Ice Age: Dawn of the Dinosaurs – Animated Film Review

Ice Age: Dawn of the Dinosaurs (2009)The latest adventure of Scrat – the tenacious, frantic, and endearing prehistoric squirrel-rat creature – hit the big screen this weekend, and the beloved animated character delivered even more laughs than usual. As we all know, Scrat’s raison d’etre– his white whale, his holy grail – is the pursuit of an acorn, which he follows with the single-minded intensity (if none of the dignity) of Captain Ahab. It’s a simple, fundamental character point that yields apparently limitless comedy, as his quest is interrupted by one obstacle after another, usually leading to frustration and disaster. Fortunately, the makers of ICE AGE: DAWN OF THE DINOSAURS have not relied simply on reusing the old formula; they have expanded it in two ways: first by presenting Scrat’s antics in 3-D, second by introducing Scrat’s female counterpart, who bounces between being a love interest and a competitor for the sought-for acorn.
The results are imaginative and funny – some of the best visual comedy since the glory days of Warner Brothers cartoon short subjects, and Scrat certainly proves he deserves to take his place beside such fondly remembered cartoon icons as Bugs Bunny, the Road Runner, and (most particularly) Wile E. Coyote. In fact, the opening sequence of ICE AGE: DAWN OF THE DINOSAURS is a virtual self-contained short subject that could have competed head-to-head with the craziest adventures ever animated by Chuck Jones or Tex Avery.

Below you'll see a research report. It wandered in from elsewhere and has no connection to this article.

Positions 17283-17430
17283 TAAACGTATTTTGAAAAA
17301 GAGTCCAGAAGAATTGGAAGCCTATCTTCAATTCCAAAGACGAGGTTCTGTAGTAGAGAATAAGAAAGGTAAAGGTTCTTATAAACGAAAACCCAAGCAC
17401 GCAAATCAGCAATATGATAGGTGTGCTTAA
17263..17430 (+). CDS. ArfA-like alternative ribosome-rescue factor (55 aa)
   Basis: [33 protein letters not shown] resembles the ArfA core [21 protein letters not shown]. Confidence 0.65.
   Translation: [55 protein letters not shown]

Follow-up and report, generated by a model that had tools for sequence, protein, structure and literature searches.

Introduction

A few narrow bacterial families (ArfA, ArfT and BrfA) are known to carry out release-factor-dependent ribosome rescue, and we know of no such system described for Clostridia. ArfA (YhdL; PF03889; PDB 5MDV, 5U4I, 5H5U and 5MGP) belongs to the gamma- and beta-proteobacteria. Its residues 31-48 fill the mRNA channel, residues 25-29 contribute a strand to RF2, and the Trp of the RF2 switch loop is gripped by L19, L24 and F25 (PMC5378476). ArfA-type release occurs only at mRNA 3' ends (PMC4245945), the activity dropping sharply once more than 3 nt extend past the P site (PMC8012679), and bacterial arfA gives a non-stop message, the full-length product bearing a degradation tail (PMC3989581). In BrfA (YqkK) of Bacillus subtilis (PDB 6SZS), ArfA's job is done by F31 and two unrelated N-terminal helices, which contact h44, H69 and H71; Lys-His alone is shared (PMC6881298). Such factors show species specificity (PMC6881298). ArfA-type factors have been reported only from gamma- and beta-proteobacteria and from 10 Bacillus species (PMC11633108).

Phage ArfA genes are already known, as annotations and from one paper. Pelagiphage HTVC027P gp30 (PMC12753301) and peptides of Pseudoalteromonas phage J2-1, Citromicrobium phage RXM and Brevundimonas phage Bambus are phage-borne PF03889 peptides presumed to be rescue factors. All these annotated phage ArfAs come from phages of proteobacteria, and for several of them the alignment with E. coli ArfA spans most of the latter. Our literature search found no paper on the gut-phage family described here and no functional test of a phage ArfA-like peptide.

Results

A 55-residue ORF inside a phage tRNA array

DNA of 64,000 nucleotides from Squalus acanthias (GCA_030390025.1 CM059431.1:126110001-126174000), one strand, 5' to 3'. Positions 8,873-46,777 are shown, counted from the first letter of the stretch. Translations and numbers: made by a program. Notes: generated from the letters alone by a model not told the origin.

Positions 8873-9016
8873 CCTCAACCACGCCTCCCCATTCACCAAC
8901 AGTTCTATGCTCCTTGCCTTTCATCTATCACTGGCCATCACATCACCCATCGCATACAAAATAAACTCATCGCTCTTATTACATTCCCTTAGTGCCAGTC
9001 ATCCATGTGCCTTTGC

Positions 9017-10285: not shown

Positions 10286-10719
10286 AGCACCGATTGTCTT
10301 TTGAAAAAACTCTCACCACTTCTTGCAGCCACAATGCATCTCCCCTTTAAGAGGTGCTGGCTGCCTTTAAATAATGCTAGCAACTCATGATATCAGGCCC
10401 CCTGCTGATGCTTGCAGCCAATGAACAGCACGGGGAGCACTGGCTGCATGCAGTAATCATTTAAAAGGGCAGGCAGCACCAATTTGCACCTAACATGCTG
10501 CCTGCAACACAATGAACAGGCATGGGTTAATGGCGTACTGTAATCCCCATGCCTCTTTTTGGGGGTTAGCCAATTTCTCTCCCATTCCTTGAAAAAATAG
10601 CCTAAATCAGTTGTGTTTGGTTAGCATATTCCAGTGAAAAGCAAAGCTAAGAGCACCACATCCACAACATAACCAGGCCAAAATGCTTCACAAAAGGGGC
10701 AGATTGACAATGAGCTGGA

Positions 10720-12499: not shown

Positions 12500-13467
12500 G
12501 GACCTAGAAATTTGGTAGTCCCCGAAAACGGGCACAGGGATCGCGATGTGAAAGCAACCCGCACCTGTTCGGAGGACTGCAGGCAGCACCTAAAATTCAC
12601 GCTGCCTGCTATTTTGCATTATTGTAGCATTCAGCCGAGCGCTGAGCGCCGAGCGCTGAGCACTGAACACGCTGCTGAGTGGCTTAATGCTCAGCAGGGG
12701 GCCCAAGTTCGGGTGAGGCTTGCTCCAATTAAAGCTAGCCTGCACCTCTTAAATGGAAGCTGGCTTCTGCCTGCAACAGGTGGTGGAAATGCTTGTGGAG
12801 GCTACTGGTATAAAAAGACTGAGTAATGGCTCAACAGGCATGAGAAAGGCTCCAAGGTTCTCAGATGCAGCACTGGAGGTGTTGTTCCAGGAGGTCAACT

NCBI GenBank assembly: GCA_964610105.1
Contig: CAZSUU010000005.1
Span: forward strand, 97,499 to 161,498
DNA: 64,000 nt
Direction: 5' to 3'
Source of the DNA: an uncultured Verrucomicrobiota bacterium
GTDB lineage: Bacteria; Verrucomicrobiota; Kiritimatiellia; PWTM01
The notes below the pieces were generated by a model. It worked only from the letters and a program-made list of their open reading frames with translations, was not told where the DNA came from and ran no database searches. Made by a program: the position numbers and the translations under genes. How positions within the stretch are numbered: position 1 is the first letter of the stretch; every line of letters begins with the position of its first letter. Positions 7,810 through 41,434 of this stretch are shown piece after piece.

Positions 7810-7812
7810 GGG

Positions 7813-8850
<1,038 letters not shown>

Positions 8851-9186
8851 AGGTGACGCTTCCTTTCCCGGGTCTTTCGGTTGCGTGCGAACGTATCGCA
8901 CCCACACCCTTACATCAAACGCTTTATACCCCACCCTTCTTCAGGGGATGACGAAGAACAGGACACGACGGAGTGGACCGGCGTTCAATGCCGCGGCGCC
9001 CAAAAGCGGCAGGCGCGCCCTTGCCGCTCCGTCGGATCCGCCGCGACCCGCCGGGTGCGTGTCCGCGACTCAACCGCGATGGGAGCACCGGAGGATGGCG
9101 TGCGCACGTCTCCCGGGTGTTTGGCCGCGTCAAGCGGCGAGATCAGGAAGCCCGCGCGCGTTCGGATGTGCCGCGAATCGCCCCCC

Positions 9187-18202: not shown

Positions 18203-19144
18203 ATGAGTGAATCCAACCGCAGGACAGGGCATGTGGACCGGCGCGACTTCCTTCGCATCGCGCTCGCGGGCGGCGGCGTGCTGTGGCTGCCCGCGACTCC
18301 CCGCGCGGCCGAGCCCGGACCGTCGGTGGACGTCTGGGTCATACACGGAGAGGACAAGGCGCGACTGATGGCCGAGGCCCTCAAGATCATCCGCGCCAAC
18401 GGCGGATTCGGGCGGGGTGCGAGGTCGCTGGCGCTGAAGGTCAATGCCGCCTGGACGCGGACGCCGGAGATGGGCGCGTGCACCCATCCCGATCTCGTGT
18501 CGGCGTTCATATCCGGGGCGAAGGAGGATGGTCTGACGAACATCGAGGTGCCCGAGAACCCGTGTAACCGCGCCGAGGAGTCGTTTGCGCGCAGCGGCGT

Unfortunately, the days of theatrical short subjects are over, and as much fun as Scrat is, a non-speaking character intent on pursuing a nut is not enough to fill out a feature film; consequently, Scrat’s antics have to be embedded into a film filled with other characters. They do their job, in a competent, middle of the road kind of way; the vocal performances provide distinct personalities, but the dialogue is only mildly amusing, and the computer-animated character designs are clunky.
None of the ICE AGE movies have been particularly brilliant; they look like the work of animators struggling to expand from short subjects to features, desperate to find a story that will stretch to 90 minutes. These stories – simple odes to putting aside your differences and banding together – are the kind of thing that makes overly concerned parents feel safe about taking their kids to the movies, but the narratives are really just a way of filling up space in between the excellently executed Scrat sequences.
Fortunately, ICE AGE: DAWN OF THE DINOSAURS has one big advantage over its predecessors: it has dinosaurs. This alone is virtually enough to make DAWN OF THE DINOSAURS the best ICE AGE movie yet. Sure, the returning characters have their problems to sort out (Manny the Mammoth is over-protective of his pregnant mate; Sid the Sloth feels abandoned; Diego the sabre-tooth tiger is feeling old), but none of this really matters. The new storyline is just an excuse to squeeze a third film out of the franchise by introducing the rampaging reptiles into the mix, and that is more than enough to justify the effort.